Predicting the imminent collapse of Apple has become a tedious trope among the tech and financial press. The VC and financial community especially -- fueled by testosterone, adolescent sensibilities, and sports-style analytics -- doesn't seem to be able to relate to a world without clear laudable winners and risible, pathetic losers. It is infectious. I myself am trying to wean my prose from the future use of the term “mojo.”
For all of the hand-wringing about Apple losing smartphone momentum to Samsung, operating system share to Android, and brand luster to, well, just about everyone, it remains clear that they are the defining device platform for developers and the place where the most and the most lucrative smartphone activity occurs.
NPD reports this week that the company had a very good holiday season, spiking its share of the smartphone market in the U.S. from a 35% share in Q4 2012 to 42% in Q4 2013. That is a lot of iPhones. For supporting evidence of iOS dominance in the U.S., Canaccord Genuity analyst T. Michael Walkley projected yesterday that Apple broke quarterly records to sell over 54 million iPhones and nearly 25 million iPads. All in, Apple sold about 80 million devices worldwide running iOS in a single quarter.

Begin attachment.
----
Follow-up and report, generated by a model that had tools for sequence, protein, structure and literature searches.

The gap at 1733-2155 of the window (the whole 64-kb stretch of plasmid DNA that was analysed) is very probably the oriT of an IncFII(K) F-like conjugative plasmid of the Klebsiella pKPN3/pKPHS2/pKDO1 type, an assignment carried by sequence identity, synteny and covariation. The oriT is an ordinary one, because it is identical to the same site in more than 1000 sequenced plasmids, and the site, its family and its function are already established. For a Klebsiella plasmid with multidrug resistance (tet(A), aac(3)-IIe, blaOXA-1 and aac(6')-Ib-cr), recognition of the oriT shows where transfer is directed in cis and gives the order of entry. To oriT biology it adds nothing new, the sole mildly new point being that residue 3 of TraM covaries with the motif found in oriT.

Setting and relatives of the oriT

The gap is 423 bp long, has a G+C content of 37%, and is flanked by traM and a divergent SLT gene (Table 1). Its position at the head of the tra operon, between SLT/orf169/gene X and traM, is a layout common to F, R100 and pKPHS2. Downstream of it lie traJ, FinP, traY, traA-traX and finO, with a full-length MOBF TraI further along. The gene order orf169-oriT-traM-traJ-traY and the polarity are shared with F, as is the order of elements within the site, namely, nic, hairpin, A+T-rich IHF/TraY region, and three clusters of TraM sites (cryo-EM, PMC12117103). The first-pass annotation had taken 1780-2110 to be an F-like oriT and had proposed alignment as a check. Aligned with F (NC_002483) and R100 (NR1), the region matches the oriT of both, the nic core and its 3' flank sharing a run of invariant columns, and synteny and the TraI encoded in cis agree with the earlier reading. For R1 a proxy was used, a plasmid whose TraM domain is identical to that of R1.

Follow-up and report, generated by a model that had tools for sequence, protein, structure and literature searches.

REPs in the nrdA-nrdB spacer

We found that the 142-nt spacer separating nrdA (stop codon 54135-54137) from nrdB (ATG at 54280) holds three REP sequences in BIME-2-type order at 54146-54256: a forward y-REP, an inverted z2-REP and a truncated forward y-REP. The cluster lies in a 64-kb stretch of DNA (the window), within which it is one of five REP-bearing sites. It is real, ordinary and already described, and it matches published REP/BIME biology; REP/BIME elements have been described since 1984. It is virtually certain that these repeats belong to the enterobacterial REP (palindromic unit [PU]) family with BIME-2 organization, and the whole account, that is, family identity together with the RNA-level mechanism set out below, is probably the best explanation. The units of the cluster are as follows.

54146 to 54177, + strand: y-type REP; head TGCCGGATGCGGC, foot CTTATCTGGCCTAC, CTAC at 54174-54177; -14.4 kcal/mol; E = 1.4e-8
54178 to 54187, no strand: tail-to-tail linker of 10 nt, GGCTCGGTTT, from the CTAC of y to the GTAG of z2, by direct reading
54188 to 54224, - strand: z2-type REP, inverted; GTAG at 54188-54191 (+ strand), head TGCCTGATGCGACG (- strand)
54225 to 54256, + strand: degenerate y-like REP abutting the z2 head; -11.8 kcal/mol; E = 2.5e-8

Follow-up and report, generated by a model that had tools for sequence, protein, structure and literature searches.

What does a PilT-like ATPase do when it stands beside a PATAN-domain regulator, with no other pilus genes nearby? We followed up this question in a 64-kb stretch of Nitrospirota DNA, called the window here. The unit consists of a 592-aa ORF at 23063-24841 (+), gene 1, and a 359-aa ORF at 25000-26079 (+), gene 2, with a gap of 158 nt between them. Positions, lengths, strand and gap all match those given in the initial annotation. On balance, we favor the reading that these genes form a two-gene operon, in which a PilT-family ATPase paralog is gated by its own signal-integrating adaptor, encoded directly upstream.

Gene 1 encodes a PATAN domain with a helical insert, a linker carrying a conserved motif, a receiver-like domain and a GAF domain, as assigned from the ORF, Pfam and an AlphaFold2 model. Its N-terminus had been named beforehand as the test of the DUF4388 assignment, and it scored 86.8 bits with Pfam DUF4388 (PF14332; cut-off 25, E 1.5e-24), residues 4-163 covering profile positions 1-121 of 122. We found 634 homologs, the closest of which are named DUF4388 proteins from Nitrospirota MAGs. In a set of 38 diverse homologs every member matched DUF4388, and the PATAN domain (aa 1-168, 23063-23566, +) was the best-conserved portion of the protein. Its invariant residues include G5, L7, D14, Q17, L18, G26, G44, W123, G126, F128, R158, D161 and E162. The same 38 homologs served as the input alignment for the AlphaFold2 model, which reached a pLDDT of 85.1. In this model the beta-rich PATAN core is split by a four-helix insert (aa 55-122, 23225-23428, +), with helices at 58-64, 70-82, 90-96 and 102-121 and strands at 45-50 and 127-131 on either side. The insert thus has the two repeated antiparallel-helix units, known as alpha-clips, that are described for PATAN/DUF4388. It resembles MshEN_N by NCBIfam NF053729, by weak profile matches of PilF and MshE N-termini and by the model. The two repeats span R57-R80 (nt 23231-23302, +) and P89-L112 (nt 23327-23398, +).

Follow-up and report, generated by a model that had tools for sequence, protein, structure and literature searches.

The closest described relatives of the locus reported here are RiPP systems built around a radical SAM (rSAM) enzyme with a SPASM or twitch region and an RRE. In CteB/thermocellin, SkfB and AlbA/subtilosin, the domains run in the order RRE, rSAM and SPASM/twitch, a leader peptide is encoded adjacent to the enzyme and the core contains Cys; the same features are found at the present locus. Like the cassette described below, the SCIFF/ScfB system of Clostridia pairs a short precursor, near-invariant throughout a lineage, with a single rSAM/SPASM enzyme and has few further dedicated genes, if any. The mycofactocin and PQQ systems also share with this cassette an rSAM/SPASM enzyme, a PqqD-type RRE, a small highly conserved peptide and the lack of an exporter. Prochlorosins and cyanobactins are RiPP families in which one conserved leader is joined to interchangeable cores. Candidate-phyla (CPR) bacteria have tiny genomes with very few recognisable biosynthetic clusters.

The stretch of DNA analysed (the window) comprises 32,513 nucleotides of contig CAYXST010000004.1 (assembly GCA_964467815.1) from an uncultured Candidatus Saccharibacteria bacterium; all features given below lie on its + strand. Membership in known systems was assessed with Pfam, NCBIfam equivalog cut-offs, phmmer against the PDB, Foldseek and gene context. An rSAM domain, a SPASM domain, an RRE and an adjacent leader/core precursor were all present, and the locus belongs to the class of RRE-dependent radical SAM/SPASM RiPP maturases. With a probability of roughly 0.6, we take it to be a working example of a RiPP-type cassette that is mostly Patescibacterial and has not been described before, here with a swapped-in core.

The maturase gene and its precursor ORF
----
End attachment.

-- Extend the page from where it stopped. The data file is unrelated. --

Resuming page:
Back to NPD, Apple is not alone in aggregating market share. Samsung also increased its piece of the smartphone universe in the U.S. to 26%, up from 22%. Motorola, HTC and BlackBerry all lost share to the two clearly dominant forces in the U.S. smartphone market. Between them, Apple and Samsung now control 68% of smartphones here.
That figure starts to take on greater significance as we watch the devices interact with others. I have written a few times in the past how effectively Samsung is building a multi-screen ecosystem that is formidable. It has a leading position in connected TVs, which is going to be critical in the next battleground for operating systems in the living room. Device-to-TV connections will become complicated in coming years. As more TVs absorb the streaming capabilities now provided by set-top boxes like game consoles, Roku and Apple TV, there will be a mad scramble to get embedded onto the TV app space. Google, via Android and Chromecast, Samsung and Apple will be contending for the most seamless and ubiquitous cross-device functionality.
Out of the home, it is the interactivity of devices with the larger world of things that will be contested ground. Here I suspect Apple will have an advantage. The iBeacon is going to have a very good year. While retail is the starting point, I am looking forward to wider and more creative application of proximity wireless interactions.
The best sign for consumers may be that both Google and Apple are being less proprietary about their extensions into new device interactions. Chromecast capabilities, for instance, can be found on both Android and iOS apps, although the Chrome browser gives the user greater flexibility in the content that can be thrown to the TV screen. Apple iBeacons can work across iOS and Android devices. I hope we are getting beyond the days when hardware manufacturers like Apple, Sony and Samsung made their devices essentially invisible to one another in the hopes of forcing consumers into phony brand loyalty across hardware choices. Each of these manufacturers should be happy to capture that consumer at whatever level they already have them and then give the owner free reign to interact easily with other devices.